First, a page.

Cream Ale

So Sunday was a brew day, and this time it was a Cream Ale, a first for me!

Saturday was the Iron Hill Black & Tan Cask event at their Newark location. The early drinking of cask beers turned into a long night of kicking kegs and fun times. Because of my lack of preparation on Saturday, Sunday came bright and early. So besides brewing a batch of beer, I needed to transfer the CA Red to secondary and dry-hop, and keg both of the Imperial Ambers. So I needed to clean and sanitize two kegs and overall wound up cleaning and sanitizing four carboys. So I was pretty much living next to the sink all day whenever I wasn’t needed next to the kettle.

A Cream Ale is basically an ale version of an American Lager. Imagine the grain bill of an American Lager but using ale yeast instead, and not needing to cold condition (lager) it. Kind of odd to brew a lawnmower beer that won’t be ready until the winter, but whatever. This beer used flaked maize as an adjunct in the recipe, first time I have ever used corn. Because of that, I chose to do a 90 minute mash rest at 149′ to hopefully convert all of the starches and create a very fermentable wort. Also, I chose to do a 90 minute boil to help blow off any undesirables from the wort, with a beer like this there is no where to hide any flaws, and with the longer boil I’d have a better chance of blowing-off the compounds that create DMS, a cooked corn like flavor. So with those two additions I added an extra hour to the brew day. Fortunately the brew day went effortlessly including all of the side work I had lined up, and I was done in just about six and a half hours which wasn’t as bad as I was anticipating.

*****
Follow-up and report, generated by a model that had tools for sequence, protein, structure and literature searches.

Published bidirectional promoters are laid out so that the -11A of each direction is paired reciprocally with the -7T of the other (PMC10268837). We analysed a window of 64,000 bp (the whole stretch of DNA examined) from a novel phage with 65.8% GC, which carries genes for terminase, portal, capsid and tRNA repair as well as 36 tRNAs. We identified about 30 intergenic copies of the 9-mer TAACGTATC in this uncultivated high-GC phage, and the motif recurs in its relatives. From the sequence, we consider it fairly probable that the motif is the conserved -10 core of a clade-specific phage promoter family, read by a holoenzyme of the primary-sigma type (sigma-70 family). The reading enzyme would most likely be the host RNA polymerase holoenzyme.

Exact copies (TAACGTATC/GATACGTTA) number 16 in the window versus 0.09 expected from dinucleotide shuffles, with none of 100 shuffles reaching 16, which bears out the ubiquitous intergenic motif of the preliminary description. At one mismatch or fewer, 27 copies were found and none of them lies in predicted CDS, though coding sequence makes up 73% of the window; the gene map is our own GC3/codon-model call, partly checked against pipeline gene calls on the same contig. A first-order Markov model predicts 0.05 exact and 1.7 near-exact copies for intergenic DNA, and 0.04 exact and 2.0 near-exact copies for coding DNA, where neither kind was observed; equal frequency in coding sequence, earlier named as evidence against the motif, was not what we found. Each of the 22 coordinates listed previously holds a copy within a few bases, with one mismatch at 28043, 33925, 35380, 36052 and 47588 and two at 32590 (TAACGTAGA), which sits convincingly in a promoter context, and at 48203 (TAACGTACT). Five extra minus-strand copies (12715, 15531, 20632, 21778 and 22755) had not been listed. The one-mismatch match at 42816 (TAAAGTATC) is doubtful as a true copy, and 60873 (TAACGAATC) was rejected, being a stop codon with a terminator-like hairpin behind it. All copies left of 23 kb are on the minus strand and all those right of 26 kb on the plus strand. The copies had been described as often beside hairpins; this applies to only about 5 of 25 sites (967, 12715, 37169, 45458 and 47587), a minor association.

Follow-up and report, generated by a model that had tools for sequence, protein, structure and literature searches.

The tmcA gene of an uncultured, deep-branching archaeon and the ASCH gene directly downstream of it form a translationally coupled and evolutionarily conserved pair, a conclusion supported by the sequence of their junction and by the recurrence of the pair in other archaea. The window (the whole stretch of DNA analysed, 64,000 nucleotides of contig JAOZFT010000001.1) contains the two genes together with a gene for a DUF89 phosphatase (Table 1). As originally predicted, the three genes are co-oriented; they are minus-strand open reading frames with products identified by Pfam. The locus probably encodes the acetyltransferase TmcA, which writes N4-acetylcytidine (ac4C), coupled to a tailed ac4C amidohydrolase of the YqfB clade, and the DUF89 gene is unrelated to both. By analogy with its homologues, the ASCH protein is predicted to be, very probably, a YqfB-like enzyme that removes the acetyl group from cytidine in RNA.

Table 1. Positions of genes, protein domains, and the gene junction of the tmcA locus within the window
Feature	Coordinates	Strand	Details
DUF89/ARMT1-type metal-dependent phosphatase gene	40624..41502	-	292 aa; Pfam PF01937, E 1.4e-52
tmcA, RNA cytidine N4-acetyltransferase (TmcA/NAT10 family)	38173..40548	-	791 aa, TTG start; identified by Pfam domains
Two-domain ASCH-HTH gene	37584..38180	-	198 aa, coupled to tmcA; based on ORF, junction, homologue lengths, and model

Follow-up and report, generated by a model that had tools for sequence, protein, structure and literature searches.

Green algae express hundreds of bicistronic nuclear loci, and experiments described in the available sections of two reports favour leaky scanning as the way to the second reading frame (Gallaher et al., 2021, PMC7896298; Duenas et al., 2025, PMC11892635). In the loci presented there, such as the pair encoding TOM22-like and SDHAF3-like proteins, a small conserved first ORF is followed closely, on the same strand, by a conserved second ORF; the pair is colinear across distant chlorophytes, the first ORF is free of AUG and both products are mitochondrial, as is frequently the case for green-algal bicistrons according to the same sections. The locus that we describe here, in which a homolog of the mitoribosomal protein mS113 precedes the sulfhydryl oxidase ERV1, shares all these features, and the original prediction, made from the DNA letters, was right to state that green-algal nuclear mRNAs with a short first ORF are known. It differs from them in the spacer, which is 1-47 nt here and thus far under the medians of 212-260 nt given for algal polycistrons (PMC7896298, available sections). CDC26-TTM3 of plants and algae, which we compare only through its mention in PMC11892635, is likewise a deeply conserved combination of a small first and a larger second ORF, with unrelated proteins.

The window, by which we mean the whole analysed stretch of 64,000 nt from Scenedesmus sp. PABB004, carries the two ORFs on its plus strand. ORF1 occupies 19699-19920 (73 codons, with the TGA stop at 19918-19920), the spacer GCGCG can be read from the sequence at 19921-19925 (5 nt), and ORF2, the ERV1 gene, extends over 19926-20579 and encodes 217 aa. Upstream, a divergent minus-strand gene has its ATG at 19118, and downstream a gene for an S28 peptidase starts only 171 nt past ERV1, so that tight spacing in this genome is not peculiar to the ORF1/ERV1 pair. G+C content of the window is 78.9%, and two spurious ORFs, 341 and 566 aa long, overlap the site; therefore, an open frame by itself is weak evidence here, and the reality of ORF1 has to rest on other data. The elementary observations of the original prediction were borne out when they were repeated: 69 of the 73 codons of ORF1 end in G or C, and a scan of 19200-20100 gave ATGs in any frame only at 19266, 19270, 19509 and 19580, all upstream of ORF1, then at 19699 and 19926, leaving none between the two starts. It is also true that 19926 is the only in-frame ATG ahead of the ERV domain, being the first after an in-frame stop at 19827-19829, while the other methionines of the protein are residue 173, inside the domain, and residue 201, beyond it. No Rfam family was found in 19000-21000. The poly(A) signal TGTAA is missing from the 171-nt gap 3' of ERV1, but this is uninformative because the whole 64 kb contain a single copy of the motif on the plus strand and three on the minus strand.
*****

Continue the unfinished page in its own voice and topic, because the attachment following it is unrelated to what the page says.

I also made my first starter using my new fancy stir plate, so that was fun. I was a little weirded out by it at first because the starter wort looked differently than I had anticipated, but I was just being a worry-wort. I also tried to be very conscious not to pour the stir-bar into the carboy, which I didn’t. When I was kegging the two Imperial Ambers I decided I was going to “keg-hop” one of the kegs. So I got the new herb ball out and sanitized it, weighed out a quarter ounce (I know, not much) of whole leaf Nugget hops and dropped it into the keg. I didn’t secure it or anything, I’m actually hoping it sinks to the bottom after the hops absorb the beer and with the weight of the ball. We’ll see. The stupid part was I forgot to mark which keg had the hop ball in it, doh! I’m assuming I know which one it was just because of the locations of where the kegs were to the carboys, but it doesn’t matter, I marked the one I think it is now.

3 Responses to “Cream Ale”

  1. Garrett Says:

    Actually, you used flaked maize before – A few years ago, you brewed a clone of Dogfish Indian Brown that had a decent quantity of flaked maize in it!! Was a very tasty beer too. I think you probably didn’t need the extended mash and lower temp, but it certainly wouldn’t have hurt anything – You shouldn’t have any problem hitting 1.012 (or lower), that’s for sure…

  2. Brian Says:

    Damn, great beer, but I forgot about the flaked maize, it had brown sugar in it too I believe.

    I think you’re probably right about the exstended times, but after doing some reading on the style a few people suggested, so I figured what the hell I got a bunch of other stuff to do.

    Yeah, I think this beer is going to be quite dry and thirst quenching, at least that’s the idea. We’ll have to see. Like I said, this is the kind of style where there is no where to hide flaws.

  3. Andrew Says:

    I think I must have read about this trick somewhere – you can get another magnet, hold it next to the flask to grab the stir bar, then tape the outside magnet to the flask (probably near the bottom edge) and that should help keep the stir bar from getting away from you during the pour. Then again, maybe I’m just imagining things…

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